War as a last resort. This criteria is also amply fulfilled by RR, as evidenced by a critical examination of Aerys' reign as well as his attitude towards dissent. Aerys was notably paranoid - he publicly humiliated and shamed Tywin Lannister, who was, arguably, faultlessly fulfilling his office as Hand of the King, because he was irrationally afraid of Tywin's excellent administration of the 7K. It is implied that Aerys both suspected his own son of rebellious intent, and was willing to execute Rhaegar if those suspicions were given any form of "validation." When Brandon Stark and Ned's father rode to KL to demand the release of Lyanna and an explanation from Rhaegar for her disappearance, Aerys accused them of treason and executed them without due process of law, after which he preemptively demanded the executions of Ned Stark and Robert Baratheon. Later, after Jon Connington's failure at the Battle of the Bells, Aerys had turned his suspicions onto the loyal Hand and forced him into exile. This was not a king with whom any form of peaceful discourse was possible - Aerys saw enemies and treason where there were none to be found, and would certainly have refused to treat peacefully with those who had just cause to be "treasonous." Consequently, the participants in RR had no other recourse but to declare war against Aerys.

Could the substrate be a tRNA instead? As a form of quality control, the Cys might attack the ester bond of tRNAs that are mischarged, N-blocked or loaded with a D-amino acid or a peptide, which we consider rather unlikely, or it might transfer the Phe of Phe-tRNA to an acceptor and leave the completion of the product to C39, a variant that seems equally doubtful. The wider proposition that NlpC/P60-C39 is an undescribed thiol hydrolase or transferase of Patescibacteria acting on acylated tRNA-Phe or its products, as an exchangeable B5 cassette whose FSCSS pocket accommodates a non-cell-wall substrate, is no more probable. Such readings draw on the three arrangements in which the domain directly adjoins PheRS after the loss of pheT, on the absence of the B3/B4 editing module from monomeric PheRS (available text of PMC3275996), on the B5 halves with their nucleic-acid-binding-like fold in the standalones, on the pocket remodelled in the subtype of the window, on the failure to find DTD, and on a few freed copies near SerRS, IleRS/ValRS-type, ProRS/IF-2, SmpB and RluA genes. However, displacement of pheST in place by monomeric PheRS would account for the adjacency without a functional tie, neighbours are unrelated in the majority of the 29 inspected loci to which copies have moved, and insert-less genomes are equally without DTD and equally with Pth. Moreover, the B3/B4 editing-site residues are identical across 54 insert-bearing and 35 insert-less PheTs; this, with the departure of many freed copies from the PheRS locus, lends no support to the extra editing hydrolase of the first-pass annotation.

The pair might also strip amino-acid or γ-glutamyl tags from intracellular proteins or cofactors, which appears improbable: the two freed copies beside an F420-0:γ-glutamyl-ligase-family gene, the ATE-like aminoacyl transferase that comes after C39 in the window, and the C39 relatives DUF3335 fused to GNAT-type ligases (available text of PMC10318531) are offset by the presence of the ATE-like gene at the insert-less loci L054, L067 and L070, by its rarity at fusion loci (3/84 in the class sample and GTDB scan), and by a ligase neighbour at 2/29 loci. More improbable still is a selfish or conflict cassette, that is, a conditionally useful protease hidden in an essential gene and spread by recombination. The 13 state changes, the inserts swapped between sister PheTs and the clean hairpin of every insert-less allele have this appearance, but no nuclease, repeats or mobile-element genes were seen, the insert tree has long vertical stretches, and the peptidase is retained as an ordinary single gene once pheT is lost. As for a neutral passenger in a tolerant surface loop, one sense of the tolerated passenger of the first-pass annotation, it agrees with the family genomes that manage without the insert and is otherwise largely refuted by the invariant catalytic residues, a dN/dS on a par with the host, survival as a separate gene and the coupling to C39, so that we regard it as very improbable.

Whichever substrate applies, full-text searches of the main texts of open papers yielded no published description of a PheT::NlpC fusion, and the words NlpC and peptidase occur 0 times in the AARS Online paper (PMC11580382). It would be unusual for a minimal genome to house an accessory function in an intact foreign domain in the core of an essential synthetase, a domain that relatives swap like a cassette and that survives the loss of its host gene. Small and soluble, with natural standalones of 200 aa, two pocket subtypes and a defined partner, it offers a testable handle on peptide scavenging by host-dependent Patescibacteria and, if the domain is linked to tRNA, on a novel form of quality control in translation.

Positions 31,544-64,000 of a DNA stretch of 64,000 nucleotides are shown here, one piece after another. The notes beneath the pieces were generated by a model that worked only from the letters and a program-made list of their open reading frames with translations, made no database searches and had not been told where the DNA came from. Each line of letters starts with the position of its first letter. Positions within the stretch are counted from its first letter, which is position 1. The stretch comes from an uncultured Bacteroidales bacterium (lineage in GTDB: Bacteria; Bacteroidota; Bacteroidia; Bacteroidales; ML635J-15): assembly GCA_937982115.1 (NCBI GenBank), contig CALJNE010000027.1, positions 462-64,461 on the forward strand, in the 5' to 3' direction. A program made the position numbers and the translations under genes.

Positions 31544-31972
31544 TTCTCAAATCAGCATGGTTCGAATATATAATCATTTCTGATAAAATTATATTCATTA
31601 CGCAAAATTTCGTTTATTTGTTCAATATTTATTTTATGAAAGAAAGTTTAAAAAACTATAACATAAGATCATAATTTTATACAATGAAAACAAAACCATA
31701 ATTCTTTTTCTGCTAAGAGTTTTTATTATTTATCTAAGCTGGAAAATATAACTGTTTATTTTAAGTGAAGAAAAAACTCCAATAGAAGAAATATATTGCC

In the case of RR, the definition of "proper authority" is the controversial step in establishing jus ad bellum. There are two dominant interpretations of "proper authority": (1) a Hobbesian view that people owe allegiance to the state and have no right to resist regardless of the nature of the regime; and (2) a Lockesian view that a "poorly accountable, inept, or corrupt regime" possess no sovereignty and that consequently, the subjects possess the right to declare war/defend themselves against the government or foreign power. While the Lockesian view clearly upholds the "proper authority" of Jon Arryn, Ned Stark, and Robert Baratheon in declaring war against Aerys, I will argue that the Hobbesian view does not necessarily invalidate this "proper authority." In a feudal society it is important to remember that members of the nobility, especially Lords Paramount, are not subjects in the traditional sense. While commonfolk are arguably born into service/obedience to their lords, this is not the true nature of the relationship between knights, lords, Lords Paramount, and the King. A better understanding of these relationships can be gained by examining two specific instances in ASoIaF. The first is the exchange of oaths between Catelyn and Brienne in ACoK:

Brienne: "Then I am yours, my lady. Your liege man, or... whatever you would have me be. I will shield your back and keep your counsel and give my life for yours, if need be. I swear it by the old gods and the new. "

Catelyn: "And I vow that you shall always have a place by my hearth and meat and mead at my table, and pledge to ask no service of you that might bring you into dishonor. I swear it by the old gods and the new. Arise. "